NEWPORT - The biggest housing development to come to Newport hit a new milestone last week.
To mark its official opening to the public, Bailey Meadows hosted an open house with city staff and councilmembers on March 7. The new neighborhood will have about 185 homes ranging from $400,000-$600,000 - adding to a housing boom the city hasn't seen since the '80s, said city planner Sherri Buss.
In the past two years, Newport has seen more homes added than it did in the decade prior. Since 2017, the city has approved 37 permits for homes, including six this year for Bailey Meadows, said Travis Brierley, assistant to the city administrator. From 2006-2016, 24 homes were built.
"It's a big boost for Newport, in terms of property taxes and fees for the sewer and water system," Buss said.
National homebuilder M/I Homes and Golden Valley Land Co., which developed the lots, began construction in July 2018. About 100 units will be single-family homes, while the rest are main floor living-style villas, built with empty nesters in mind, said John Rask, vice president of land development for M/I Homes.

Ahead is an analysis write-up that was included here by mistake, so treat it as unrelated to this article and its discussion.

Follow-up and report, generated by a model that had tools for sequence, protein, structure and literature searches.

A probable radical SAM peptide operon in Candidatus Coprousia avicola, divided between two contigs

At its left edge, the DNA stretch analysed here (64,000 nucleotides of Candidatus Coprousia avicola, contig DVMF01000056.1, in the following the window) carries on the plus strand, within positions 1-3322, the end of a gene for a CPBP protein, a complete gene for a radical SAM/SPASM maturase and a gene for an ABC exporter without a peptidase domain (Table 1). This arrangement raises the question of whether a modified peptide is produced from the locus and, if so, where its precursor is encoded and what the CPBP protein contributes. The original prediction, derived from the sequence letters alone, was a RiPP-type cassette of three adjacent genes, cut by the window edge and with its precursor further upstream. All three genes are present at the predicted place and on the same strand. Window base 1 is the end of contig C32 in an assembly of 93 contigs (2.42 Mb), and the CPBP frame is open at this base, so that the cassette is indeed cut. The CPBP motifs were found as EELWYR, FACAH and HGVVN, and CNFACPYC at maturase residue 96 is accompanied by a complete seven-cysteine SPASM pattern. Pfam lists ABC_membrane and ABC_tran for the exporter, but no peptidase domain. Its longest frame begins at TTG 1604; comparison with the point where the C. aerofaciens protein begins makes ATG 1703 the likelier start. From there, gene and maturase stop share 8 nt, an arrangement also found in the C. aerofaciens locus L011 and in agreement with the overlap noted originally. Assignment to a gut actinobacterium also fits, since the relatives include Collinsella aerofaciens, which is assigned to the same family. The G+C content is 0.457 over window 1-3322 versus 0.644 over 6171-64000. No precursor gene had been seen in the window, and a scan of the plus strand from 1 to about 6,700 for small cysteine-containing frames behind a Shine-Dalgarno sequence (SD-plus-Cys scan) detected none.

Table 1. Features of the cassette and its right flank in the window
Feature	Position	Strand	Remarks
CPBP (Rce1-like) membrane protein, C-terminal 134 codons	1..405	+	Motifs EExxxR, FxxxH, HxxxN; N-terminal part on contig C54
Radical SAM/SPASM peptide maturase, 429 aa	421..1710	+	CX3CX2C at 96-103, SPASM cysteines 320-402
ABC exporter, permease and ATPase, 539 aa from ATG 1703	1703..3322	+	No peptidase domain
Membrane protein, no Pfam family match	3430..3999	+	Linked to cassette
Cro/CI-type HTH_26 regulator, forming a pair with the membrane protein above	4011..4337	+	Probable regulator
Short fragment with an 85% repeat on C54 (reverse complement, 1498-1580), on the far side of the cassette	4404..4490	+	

Students are zoned to go to Newport Elementary School, Oltman Middle School and East Ridge High School, Buss said.
Twenty units have been sold so far, Rask said.
"This property has been on our radar for a long time ... but it took the right economy to come along with a developer with a big enough checkbook to want to do it," said Newport City Council member Kevin Chapdelaine.
Another key factor was finding a developer who could wait while the city determined it could extend sewer and water lines to the area, said City Administrator Deb Hill. The project cost the city about $3 million, which the developers will reimburse.
"We ran the numbers, and it's a big benefit to the city long-term," Mayor Dan Lund said at the event.
Chapdelaine said that while the new neighborhood will benefit the city by increasing the tax base, he wants to ensure that runoff doesn't lower the quality of the nearby La and Ria lakes - a concern some residents shared leading up to the city's approval of the development.
Still, drainage mechanisms such as ponds and swales are expected to keep runoff from increasing, said John Loomis, water resources program manager at the South Washington County Watershed District.